mismanagement in the administration of charities, and resolving issues of
concern. Details of the form an inquiry takes and the legal powers involved
are set out in section D of CC 46. According to section D1 of CC 46,
"misconduct" includes "any act that the person committing it knew (or ought to
have known) was criminal, unlawful or improper." "Mismanagement" includes
"doing anything to: lose or misuse significant charitable resources; seriously
undermine a charity's reputation; or put beneficiaries at risk."

5.79 In more serious cases, the Commission may open a statutory
inquiry, which may involve using its remedial and protective powers when it is
appropriate and proportionate to do so. The criteria the Commission
considers when deciding to open an inquiry in any case are set out in the Risk
Framework Application Document at section G3.60

5.80 The Commission's guideline CC 46 lists a number of higher risk
issues that may be dealt with under a statutory inquiry. These examples

"• significant financial loss to a charity;
serious harm to beneficiaries and, in particular, vulnerable


misuse of a charity for terrorist purposes (including charity links
with or support for terrorism, financial or otherwise, connections
to proscribed organisations or misuse of a charity to foster
criminal extremism);

serious criminality and/ or illegal activity within or involving a
charity (including fraud and money laundering);

charities set up for an illegal or improper purpose;

charities deliberately being used for significant private advantage;

where a charity's independence is seriously called into question;

59 The Charity Commission for England and Wales, CC46 - Statutory inquiries into charities:

guidance for charities and their advisers, available at:

60 The Charity Commission for England and Wales, CC46 - Statutory inquiries into charities:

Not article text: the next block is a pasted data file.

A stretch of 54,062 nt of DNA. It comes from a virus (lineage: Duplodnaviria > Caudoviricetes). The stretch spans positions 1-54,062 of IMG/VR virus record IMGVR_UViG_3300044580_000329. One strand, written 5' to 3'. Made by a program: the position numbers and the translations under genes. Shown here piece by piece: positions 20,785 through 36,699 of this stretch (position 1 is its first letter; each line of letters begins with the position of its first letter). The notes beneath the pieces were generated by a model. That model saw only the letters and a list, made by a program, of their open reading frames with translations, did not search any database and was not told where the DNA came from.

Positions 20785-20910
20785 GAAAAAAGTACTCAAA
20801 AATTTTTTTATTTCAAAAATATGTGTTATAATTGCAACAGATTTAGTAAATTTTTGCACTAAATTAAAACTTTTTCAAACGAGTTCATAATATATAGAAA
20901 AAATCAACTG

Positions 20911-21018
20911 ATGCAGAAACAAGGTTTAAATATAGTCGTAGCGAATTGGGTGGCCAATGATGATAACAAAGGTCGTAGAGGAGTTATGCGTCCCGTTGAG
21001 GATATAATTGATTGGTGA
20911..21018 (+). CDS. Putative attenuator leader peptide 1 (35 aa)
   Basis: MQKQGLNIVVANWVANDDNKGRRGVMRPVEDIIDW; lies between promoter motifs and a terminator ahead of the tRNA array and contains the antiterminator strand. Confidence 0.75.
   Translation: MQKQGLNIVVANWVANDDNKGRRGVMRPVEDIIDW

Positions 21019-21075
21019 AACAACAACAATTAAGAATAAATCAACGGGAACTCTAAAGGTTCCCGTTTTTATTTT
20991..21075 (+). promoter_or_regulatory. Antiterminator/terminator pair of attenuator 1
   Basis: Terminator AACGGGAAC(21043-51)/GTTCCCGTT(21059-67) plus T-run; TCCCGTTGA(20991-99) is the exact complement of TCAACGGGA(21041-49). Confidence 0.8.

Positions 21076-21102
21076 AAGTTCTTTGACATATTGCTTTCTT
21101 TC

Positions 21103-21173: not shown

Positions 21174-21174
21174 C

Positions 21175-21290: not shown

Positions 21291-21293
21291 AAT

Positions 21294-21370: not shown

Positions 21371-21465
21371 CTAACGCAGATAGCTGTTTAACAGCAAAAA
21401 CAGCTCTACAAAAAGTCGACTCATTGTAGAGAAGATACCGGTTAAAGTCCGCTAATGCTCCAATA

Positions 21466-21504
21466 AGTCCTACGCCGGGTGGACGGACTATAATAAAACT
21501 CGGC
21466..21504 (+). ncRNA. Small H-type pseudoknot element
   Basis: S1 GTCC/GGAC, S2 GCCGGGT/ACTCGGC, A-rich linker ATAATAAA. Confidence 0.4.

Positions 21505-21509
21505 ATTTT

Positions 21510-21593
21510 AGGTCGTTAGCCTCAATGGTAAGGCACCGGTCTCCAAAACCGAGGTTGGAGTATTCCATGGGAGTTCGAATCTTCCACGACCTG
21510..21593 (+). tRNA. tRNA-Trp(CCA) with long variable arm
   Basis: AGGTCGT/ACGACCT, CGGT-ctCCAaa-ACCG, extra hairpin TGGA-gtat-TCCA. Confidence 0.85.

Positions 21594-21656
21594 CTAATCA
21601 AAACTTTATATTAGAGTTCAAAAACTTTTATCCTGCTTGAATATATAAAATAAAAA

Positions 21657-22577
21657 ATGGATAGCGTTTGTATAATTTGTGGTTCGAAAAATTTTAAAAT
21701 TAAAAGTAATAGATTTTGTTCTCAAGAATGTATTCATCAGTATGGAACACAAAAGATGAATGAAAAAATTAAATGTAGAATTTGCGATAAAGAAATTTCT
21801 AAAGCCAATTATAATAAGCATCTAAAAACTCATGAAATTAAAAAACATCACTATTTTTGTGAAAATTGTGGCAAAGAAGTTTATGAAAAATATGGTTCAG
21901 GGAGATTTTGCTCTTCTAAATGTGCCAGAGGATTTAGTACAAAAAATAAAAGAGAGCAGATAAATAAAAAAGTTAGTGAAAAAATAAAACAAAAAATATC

guidance for charities and their advisers, at C2, available at:

Page 280


Name of statutory
organisation Function Composition

Method of appointment of
chairman and members Other remarks

Government or statutory

(f) for the better
performance of his other
functions, undertake
research into, and
monitor developments
in, the processing of
data and computer
technology in order to
take account of any
likely adverse effects
such developments may
have on the privacy of
individuals in relation to
personal data; and

(g) to liaise and co-operate
with any person in any
place outside Hong
(i) performing in that

place any functions
which, in the opinion
of the
Commissioner, are
similar to any of the
functions under this
Ordinance; and

(ii) in respect of matters
of mutual interest
concerning the
privacy of

as the Chief Secretary
for Administration
allows), furnish -

(a) a report on the
activities of the
during that year
including a general
survey of
during that year, in
respect of matters
falling within the
scope of the

(b) a copy of the
statement of
accounts; and

(c) the auditor's report
on the statement,

to the Chief Secretary
for Administration who
shall table them in the
Legislative Council
(para 4(4) of Schedule 2
to Cap 486).

The Director of Audit
may, in respect of any
financial year, conduct
an examination into the
economy, efficiency and

Page 281


Name of statutory
organisation Function Composition

Method of appointment of
chairman and members Other remarks

individuals in
relation to personal

effectiveness with which
the Commissioner has
expended his resources
in performing his
functions and exercising
his powers (para 5(1) of
Schedule 2 to Cap 486).

The Director of Audit
may report to the
President of the
Legislative Council the
results of an
examination conducted
by him (para 5(4) of
Schedule 2 of Cap 486).

Similer Documents